Watford’s season has been an unmitigated disaster. With virtually every step, owner Gino Pozzo — where the buck stops — fixed the crosshairs on his shiny leather shoes and pulled the trigger.
If there was space on the club badge for the quote, “The definition of insanity is doing the same thing over and over again and expecting different results”, it wouldn’t look out of place. Somehow, a mirror image of Watford’s last Premier League relegation has unfolded, but this has been even worse.
The 1-0 defeat at Crystal Palace rubber-stamped relegation in 2021-22 and rubbed salt into the wounds. The scab will now form, the Championship may provide a sticking plaster, but the problems are more than skin-deep. They strike right at the core. Watford need surgery to rectify the damage.
Not that Pozzo was at Selhurst Park to witness it, only sporting director Cristiano Giaretta and non-executive director Stuart Timperley from the club were present in the directors box. It was a move that one Palace official suggested exhibited a lack of respect and left their table for 12 at lunch looking a bit empty.
“A fish rots from the head down” is a graphic saying but speaks of an operation that won’t function properly unless the leader makes significant changes. Approaching 10 years of Pozzo ownership, this needs to be a watershed moment; a reinvention based on reflection and in reality. There needs to be a culture shift, which must be led by the man at the top.
The connection between fans and “the project” is frayed. Arrogance, secrecy and ruthlessness needs replacing with warmth, transparency and respect. If Watford wants to trade on its “family club” identity, espousing the values of Graham Taylor and Elton John from a bygone era, that has to encompass all and not only parts of the club.
The smartly-suited Pozzo — famed for his hard-nosed negotiating — needs to soften his stance, his footballing family at Vicarage Road look at him differently now. His crown has slipped, the 1881’s “Gino” banner is tucked away at the back of the bunker. He needs to listen and accept that being challenged and taking on board new ideas is healthy.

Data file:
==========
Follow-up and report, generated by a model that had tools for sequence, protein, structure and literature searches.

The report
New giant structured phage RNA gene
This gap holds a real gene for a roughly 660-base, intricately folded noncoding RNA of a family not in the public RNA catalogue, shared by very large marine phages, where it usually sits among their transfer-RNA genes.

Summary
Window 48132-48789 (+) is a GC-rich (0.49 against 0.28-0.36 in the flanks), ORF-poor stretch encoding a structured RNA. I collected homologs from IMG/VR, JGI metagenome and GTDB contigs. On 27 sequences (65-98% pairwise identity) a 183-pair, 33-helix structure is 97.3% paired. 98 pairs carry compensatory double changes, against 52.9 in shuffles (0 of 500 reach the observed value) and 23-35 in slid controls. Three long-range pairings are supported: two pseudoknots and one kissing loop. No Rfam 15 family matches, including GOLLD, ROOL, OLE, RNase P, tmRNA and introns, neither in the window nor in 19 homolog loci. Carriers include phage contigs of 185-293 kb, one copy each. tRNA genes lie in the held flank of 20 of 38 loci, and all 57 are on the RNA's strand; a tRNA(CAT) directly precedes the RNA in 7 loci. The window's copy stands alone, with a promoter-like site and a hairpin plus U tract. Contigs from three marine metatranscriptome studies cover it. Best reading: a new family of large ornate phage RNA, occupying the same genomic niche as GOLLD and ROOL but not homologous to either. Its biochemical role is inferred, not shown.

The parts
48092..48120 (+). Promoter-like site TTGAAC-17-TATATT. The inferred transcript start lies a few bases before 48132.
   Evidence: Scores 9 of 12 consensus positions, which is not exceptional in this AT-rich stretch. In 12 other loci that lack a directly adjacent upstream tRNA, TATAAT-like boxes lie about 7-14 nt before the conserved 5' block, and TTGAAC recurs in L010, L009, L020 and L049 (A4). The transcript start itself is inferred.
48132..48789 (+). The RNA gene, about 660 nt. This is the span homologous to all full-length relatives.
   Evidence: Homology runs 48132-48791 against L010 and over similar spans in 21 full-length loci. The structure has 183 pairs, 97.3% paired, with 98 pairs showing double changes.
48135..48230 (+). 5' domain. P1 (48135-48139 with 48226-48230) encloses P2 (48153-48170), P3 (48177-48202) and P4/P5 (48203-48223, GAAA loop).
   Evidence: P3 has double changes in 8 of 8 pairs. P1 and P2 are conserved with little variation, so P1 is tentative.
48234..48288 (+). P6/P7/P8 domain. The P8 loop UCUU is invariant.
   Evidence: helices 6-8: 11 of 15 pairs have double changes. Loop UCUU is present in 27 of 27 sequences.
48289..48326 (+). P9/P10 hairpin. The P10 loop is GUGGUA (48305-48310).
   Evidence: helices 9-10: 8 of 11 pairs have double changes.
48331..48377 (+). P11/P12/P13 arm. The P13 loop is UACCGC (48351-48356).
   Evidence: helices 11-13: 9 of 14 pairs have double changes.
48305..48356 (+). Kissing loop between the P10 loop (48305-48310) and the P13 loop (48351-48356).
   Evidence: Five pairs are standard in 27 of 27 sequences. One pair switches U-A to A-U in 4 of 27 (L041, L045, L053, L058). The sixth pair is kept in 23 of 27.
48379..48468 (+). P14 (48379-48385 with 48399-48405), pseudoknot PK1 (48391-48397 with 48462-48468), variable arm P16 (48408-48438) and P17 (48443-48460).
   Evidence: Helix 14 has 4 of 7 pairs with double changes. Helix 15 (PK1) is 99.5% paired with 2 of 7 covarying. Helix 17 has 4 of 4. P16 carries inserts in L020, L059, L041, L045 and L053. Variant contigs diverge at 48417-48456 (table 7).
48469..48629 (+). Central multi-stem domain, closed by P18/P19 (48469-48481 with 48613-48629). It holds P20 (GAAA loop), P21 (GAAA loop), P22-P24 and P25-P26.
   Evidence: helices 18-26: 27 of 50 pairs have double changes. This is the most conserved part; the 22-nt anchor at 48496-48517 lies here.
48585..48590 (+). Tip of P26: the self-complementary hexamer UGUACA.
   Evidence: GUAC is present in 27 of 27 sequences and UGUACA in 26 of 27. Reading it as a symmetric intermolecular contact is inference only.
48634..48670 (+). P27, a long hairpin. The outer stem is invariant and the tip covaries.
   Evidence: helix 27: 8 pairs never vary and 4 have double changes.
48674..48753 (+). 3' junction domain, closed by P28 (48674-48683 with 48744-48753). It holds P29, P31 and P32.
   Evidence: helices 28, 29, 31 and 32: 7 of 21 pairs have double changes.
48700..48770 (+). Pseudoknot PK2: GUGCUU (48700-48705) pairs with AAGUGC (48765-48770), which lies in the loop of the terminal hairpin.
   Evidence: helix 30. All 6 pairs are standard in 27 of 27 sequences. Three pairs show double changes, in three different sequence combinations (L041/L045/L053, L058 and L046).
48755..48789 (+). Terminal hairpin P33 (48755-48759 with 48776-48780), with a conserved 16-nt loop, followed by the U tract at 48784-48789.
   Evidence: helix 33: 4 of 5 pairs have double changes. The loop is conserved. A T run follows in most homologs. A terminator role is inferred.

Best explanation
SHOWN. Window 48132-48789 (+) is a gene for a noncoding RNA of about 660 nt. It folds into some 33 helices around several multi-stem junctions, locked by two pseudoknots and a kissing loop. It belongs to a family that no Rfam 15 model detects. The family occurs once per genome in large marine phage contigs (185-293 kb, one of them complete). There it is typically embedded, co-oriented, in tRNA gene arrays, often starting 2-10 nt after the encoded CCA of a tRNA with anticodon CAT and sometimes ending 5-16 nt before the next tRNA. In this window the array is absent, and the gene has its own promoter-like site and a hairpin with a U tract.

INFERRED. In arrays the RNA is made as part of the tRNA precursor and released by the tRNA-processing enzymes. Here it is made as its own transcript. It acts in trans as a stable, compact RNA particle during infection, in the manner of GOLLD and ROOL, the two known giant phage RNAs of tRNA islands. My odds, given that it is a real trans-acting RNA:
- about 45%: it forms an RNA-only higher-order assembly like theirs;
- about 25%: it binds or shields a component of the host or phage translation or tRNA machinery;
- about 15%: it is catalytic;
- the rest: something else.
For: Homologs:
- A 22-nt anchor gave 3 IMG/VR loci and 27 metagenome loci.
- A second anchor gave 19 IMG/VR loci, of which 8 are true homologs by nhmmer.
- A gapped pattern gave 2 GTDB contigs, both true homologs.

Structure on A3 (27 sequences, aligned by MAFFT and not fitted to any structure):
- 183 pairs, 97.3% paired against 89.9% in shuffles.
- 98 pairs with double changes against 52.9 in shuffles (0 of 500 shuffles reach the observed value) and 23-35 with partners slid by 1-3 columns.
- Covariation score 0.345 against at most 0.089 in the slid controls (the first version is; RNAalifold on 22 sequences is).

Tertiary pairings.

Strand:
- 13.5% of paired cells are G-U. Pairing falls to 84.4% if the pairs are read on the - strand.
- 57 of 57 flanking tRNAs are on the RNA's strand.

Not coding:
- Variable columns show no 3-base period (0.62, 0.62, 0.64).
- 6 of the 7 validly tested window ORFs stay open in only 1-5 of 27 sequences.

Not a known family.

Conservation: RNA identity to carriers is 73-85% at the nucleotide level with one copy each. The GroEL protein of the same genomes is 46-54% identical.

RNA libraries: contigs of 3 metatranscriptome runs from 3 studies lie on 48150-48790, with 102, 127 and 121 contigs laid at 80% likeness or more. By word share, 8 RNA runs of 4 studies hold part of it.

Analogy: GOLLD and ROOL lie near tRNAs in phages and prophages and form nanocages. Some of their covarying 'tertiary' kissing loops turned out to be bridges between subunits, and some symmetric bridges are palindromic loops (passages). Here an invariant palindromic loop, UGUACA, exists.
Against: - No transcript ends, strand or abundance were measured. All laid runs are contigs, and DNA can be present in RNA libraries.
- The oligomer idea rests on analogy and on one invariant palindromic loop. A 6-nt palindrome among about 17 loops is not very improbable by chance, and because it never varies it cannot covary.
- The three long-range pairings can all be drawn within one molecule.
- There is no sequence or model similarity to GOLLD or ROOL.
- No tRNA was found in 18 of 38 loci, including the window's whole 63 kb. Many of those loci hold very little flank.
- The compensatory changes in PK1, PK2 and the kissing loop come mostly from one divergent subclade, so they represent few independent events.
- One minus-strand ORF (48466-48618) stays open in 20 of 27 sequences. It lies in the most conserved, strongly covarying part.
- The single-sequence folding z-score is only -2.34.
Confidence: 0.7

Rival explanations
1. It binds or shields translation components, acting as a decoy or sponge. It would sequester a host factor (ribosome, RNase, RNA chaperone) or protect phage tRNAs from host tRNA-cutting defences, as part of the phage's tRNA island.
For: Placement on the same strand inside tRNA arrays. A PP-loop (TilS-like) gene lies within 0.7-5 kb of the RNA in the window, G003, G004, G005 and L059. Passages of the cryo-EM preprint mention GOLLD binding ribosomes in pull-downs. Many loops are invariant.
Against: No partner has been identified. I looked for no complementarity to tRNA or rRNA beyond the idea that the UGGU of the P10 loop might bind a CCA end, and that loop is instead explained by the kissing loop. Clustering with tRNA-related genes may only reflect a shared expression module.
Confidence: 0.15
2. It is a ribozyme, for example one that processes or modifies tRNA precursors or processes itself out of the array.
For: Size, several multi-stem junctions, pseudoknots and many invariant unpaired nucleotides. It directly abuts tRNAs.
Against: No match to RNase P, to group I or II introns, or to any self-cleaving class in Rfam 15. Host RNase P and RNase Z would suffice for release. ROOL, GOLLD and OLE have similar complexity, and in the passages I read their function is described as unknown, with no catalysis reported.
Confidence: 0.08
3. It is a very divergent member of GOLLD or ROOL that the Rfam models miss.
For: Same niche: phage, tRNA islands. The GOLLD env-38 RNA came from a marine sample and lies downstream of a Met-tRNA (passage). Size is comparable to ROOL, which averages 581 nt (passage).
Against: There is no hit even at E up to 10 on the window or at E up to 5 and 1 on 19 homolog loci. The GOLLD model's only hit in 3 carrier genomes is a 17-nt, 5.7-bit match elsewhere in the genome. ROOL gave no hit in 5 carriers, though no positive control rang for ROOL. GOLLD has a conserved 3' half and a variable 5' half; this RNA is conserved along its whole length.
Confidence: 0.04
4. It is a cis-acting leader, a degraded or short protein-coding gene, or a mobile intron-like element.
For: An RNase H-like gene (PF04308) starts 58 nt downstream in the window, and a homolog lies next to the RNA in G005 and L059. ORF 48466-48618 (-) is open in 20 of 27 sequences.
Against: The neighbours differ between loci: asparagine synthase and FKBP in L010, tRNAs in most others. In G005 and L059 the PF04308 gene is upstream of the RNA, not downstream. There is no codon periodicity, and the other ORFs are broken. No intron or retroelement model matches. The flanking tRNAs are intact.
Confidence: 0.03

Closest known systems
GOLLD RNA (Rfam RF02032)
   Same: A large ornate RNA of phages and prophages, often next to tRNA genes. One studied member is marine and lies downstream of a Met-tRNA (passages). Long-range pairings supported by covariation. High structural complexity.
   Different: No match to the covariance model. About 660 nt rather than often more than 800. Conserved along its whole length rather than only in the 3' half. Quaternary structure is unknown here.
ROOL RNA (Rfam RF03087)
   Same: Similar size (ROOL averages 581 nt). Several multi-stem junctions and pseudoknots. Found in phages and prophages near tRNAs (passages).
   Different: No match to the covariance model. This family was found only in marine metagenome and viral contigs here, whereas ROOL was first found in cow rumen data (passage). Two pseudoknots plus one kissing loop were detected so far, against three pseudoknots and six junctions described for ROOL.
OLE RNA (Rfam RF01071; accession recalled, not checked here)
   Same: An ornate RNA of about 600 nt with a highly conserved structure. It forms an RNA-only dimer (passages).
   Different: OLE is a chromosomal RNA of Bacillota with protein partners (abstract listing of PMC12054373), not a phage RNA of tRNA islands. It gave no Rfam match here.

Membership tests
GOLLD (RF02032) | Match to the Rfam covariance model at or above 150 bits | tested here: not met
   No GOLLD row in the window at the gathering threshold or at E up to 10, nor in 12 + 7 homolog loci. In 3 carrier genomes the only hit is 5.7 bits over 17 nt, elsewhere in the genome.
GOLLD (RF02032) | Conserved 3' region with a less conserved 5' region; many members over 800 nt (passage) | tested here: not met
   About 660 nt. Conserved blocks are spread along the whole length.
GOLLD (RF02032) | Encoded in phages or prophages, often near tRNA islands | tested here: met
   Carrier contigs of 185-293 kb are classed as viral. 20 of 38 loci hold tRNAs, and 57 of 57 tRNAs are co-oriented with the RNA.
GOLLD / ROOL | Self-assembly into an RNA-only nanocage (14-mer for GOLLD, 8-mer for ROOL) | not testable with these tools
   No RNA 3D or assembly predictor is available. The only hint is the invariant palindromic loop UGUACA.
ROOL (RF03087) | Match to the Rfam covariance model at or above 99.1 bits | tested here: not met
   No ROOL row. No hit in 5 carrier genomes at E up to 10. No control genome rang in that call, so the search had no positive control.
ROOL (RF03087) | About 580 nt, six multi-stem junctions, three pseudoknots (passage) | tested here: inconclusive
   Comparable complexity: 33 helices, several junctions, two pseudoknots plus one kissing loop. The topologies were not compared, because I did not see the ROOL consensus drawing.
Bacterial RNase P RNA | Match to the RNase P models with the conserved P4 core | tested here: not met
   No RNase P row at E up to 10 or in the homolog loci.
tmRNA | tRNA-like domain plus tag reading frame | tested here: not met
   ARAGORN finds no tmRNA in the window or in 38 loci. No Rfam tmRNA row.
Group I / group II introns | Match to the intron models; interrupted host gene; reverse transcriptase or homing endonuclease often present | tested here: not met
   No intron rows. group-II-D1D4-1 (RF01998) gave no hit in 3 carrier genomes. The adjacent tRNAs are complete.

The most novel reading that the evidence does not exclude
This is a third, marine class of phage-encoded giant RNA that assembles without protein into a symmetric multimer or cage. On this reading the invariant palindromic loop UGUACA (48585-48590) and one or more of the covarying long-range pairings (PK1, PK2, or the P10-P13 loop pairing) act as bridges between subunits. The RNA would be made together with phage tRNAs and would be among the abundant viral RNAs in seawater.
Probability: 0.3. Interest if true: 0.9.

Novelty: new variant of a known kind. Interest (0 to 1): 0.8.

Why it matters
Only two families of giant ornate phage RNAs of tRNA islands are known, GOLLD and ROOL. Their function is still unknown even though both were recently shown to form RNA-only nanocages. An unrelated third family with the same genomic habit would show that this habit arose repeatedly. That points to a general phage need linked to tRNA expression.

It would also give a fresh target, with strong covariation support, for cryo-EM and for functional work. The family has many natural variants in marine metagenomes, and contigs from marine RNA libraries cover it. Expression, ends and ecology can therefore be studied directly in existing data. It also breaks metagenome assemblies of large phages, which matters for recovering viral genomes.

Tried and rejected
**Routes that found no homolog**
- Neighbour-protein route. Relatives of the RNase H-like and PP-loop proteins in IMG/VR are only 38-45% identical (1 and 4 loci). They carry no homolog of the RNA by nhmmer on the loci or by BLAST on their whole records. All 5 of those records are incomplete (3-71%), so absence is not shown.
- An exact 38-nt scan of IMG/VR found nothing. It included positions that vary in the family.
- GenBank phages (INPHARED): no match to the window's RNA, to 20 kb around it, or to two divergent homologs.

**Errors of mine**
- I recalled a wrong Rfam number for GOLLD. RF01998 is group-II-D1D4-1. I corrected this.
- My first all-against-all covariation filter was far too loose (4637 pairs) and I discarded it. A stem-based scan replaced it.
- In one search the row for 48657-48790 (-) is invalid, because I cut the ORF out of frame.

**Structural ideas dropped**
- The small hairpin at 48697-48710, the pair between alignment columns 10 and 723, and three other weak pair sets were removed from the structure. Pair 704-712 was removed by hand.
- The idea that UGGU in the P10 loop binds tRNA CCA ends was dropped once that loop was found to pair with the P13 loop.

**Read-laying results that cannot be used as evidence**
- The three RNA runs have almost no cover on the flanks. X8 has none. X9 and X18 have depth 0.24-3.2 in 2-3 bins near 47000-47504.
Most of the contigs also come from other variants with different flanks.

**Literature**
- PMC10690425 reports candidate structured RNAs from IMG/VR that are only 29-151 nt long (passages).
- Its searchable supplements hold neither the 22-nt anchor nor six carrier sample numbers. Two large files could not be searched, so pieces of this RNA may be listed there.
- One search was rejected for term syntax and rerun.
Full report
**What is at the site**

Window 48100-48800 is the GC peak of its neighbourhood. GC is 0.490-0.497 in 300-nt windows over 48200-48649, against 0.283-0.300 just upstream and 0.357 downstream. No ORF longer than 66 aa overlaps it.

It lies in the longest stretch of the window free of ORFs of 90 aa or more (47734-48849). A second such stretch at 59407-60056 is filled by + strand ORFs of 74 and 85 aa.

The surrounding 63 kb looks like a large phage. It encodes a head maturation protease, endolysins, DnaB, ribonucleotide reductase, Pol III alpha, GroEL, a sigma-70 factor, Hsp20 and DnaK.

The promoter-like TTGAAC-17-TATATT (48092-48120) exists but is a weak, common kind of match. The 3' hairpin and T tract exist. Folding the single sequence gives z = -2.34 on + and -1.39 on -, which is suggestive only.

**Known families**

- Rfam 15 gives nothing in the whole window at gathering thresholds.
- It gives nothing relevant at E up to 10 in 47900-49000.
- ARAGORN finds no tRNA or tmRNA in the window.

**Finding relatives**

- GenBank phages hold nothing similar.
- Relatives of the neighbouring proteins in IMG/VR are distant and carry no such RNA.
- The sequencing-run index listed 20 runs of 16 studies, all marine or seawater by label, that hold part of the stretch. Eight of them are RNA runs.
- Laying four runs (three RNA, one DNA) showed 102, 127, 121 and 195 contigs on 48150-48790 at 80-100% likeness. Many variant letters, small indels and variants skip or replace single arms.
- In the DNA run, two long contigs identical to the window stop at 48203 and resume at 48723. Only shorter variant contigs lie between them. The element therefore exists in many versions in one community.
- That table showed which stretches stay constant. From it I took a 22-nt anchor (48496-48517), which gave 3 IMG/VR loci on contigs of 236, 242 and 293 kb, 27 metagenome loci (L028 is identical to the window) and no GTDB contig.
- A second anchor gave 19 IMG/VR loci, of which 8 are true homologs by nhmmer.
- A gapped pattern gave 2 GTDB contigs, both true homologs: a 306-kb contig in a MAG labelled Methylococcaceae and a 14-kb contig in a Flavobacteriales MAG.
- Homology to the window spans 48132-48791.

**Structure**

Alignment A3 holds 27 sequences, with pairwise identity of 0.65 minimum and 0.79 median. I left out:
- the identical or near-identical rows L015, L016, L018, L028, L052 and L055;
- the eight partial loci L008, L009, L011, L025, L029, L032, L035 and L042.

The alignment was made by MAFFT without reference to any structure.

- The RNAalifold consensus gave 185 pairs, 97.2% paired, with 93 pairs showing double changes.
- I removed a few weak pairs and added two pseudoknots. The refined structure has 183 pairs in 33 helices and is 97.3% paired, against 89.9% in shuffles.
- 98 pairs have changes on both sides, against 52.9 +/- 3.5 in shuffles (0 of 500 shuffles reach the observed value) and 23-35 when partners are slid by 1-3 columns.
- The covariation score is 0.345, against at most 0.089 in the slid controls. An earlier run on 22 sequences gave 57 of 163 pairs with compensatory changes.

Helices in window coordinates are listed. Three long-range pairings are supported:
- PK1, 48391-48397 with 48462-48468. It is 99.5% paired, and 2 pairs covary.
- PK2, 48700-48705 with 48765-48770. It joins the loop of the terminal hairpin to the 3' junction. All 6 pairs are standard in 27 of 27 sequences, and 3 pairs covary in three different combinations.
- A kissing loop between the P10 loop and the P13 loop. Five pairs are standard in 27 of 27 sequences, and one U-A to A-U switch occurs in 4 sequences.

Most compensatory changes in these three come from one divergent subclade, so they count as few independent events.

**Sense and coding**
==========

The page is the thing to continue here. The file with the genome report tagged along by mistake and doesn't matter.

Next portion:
This relegation must be the equivalent of an intervention. It’s the only way to improve the “chaos” that former captain Troy Deeney stuck a flag in last year.
Being detached in his actions, sat stony-faced in the padded director’s box seats, whilst presiding over a disjointed, disillusioned team on the carpet below is turning something so full of life at the start into the darkest of comedies. So much so that one Watford insider freely admitted that the unstoppable managerial roulette wheel has made the club “a laughing stock” in desperate need of a reset.
Communication is key to the success of any organisation. To those inside, to keep them on board, and to those outside, to keep them dialled in to the vision. Pozzo’s decision to not speak publicly, engage, or even try to excuse so many disastrous decisions whilst being one of the most hands-on owners in football is inexcusable.
Vicarage Road looks great, the community work continues, the club lent a hand to Watford General during the pandemic, yet the Harvard-educated, multilingual, eloquent but painfully secretive Watford owner says nothing.
The team he built — and yes, he makes the final call on virtually everything to do with the footballing side of the operation — are still two points shy of their worst top-division points tally of 24 in 1999-2000, with 28 (2006-2007), 34 (2019-20) and 32 (1987-88) far away in the distance. The record run of 11 consecutive home defeats at English football’s top table still has two more games to add garnish to the most inedible of dishes.
In April, CEO/Chairman Scott Duxbury described the season as “unacceptably poor”. Here, The Athletic looks into why that’s been the case and, of vital importance to every Watford supporter’s sanity, what happens now.
Central to any discussion on Watford is the issue of trust. When it evaporates, it’s very tough to get back.
Most fans will support the team unconditionally. It’s part of the agreement. But the club’s hire-and-fire culture, the lack of clarity on recruitment direction, frequent legal wrangling involving FIFA or the Court of Arbitration for Sport, and some PR own goals — like the recent messaging around the supporter committee — means there’s now a question mark after the “In Gino we trust” mantra that many fans once held.